• Cereal mixMix ALL different kinds of cereal and package in individual zippy bags. Or just package individual kinds of cereal in bags. Pass them out for breakfast in the car.

  • Apple slicesDipped in Sprite (keeps them from turning brown)

  • String cheese

  • Bottles of waterMake it the only drink kids are allowed to have in the back of your car. It's healthy and makes cleaning up spills a lot easier than juice or soft drinks.

  • Fruit roll upsNow they even have tattoo roll ups. Oh the fun you can have with food!

Not enough suggestions? Then check out even MORE ideas at MomsMinivan.com.


Tips for Maintaining Sanity

All this aside, you’re going to be a very small space with very small people.  Is there anything you can do to prepare yourself and your family members for what’s to come? Here are some ideas.

  • Get the whole family involved in planning the trip – especially the kids – so everyone has a say in the itinerary and they know what to expect.

  • Estimate your travel times and don’t try to drive too far in too short a period, which can both be dangerous and have the potential to turn fellow travelers into raging psychopaths. Plan where to make fuel stops in advance, and don’t let your vehicle’s fuel level get below one-quarter of a tank to avoid inadvertently running out.

  • Set aside sufficient time to pack your clothes, load your vehicle and get a full night’s sleep so you can start your trip refreshed.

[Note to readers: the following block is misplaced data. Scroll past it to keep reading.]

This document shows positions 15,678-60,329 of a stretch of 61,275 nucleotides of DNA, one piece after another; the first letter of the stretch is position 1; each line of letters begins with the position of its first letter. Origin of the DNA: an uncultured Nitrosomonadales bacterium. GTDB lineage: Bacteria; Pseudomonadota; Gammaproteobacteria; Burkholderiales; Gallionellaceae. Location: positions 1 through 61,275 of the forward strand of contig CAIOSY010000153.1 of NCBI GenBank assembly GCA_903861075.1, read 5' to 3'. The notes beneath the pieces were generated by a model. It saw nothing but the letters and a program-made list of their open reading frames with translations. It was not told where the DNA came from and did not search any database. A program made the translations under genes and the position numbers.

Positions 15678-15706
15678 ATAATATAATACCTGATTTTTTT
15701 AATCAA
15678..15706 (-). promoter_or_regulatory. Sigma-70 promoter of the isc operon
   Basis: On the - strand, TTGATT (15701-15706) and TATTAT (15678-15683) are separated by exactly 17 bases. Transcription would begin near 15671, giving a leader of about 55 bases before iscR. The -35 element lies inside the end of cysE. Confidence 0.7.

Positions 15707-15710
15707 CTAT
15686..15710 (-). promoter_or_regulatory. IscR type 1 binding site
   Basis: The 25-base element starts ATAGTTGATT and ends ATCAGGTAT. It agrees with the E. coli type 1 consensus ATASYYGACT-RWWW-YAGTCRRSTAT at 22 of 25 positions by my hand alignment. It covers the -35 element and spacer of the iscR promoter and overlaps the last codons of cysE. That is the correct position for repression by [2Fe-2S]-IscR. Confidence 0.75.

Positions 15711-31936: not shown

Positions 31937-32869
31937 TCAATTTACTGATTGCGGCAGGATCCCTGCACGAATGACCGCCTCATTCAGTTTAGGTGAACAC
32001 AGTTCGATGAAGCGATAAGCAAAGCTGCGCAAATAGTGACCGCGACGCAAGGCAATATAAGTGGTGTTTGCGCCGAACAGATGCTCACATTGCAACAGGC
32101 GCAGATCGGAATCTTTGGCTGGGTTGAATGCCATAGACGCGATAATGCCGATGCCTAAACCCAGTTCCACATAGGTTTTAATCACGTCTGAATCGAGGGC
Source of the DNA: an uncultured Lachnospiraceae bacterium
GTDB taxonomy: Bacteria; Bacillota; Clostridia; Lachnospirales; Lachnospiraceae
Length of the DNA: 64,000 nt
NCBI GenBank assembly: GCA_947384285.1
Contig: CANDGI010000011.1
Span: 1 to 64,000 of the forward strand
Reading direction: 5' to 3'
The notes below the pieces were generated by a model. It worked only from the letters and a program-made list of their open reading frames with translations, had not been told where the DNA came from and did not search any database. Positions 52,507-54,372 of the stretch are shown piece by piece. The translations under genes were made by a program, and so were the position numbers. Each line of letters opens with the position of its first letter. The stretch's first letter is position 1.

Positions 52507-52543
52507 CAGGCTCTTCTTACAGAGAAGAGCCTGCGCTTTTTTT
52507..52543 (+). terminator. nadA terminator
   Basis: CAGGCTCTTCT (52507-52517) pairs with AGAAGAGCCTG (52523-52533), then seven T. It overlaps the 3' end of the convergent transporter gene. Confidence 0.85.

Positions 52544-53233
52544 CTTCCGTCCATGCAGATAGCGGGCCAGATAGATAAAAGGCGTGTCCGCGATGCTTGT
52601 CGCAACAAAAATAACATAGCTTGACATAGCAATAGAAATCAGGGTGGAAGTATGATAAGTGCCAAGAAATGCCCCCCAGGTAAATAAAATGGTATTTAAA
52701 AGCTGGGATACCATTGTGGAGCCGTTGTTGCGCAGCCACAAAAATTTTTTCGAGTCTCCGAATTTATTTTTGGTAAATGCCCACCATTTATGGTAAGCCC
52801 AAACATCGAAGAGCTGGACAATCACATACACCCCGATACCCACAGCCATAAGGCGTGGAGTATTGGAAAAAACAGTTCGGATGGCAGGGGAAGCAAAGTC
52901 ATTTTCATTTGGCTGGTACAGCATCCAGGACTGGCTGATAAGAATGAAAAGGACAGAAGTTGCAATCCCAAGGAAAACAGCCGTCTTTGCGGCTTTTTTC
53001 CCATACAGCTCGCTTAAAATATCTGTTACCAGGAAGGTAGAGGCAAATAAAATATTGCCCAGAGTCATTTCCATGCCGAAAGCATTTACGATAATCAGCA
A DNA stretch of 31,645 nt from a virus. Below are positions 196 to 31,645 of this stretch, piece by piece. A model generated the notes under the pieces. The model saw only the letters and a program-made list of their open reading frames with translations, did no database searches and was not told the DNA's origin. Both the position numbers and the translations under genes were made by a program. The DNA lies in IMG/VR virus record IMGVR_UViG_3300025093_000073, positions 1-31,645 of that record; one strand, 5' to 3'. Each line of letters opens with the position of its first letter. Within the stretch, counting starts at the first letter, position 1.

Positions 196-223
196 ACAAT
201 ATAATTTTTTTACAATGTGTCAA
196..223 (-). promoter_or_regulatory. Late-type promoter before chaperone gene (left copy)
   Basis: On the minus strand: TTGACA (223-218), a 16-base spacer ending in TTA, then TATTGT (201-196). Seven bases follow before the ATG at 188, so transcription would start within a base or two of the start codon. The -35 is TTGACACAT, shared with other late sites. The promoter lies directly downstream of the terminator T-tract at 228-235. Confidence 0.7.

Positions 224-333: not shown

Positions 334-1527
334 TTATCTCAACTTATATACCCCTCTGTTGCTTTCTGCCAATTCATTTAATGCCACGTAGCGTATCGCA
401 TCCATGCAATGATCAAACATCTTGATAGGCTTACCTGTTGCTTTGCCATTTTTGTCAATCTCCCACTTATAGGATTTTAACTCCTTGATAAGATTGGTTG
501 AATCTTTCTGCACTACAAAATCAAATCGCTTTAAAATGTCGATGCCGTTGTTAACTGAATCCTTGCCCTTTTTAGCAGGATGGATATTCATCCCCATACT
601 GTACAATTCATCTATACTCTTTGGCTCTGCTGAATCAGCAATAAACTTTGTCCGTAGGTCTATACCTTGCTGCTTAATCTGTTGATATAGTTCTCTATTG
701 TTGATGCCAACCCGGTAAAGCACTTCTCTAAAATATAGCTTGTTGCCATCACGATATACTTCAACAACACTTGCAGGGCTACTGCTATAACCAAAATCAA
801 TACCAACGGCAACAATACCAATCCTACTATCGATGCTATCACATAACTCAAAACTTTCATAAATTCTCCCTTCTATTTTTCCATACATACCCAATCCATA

• Pack appropriately. Secure luggage in the trunk and keep toys and other objects in the passenger compartment to a minimum – these could become dangerous projectiles in a crash. Bring along a pillow or two so passengers can sleep.

  • Don’t forget the necessities. Bring any applicable prescription or over-the-counter medications, and be sure to carry garbage bags, paper towels, tissues, an extra roll of toilet paper, baby wipes, etc.

  • Don’t be in too much of a hurry. Stop every two hours for a bathroom break and to stretch your legs. Have lunch or snacks at a park or highway rest area to let the kids run off some steam. The AAA suggests road trippers plan on taking a rest stop every two hours or 100 miles.

For more tips check out the Forbes article Taking a Family Road Trip That Won’t Make You Crazy.


About Betsy B.

Betsy is currently New York Public Library’s Youth Materials Collections Specialist. She has served on Newbery, written for Horn Book, reviewed for Kirkus and The New York Times and has also written the picture book Giant Dance Party, illustrated by Brandon Dorman.  In 2014, Candlewick will publish Wild Things: Acts of Mischief in Children's Literature which she co-wrote with Jules Danielson and Peter Sieruta.  You can follow Betsy on Twitter @FuseEight or at her blog A Fuse #8 Production hosted by School Library Journal.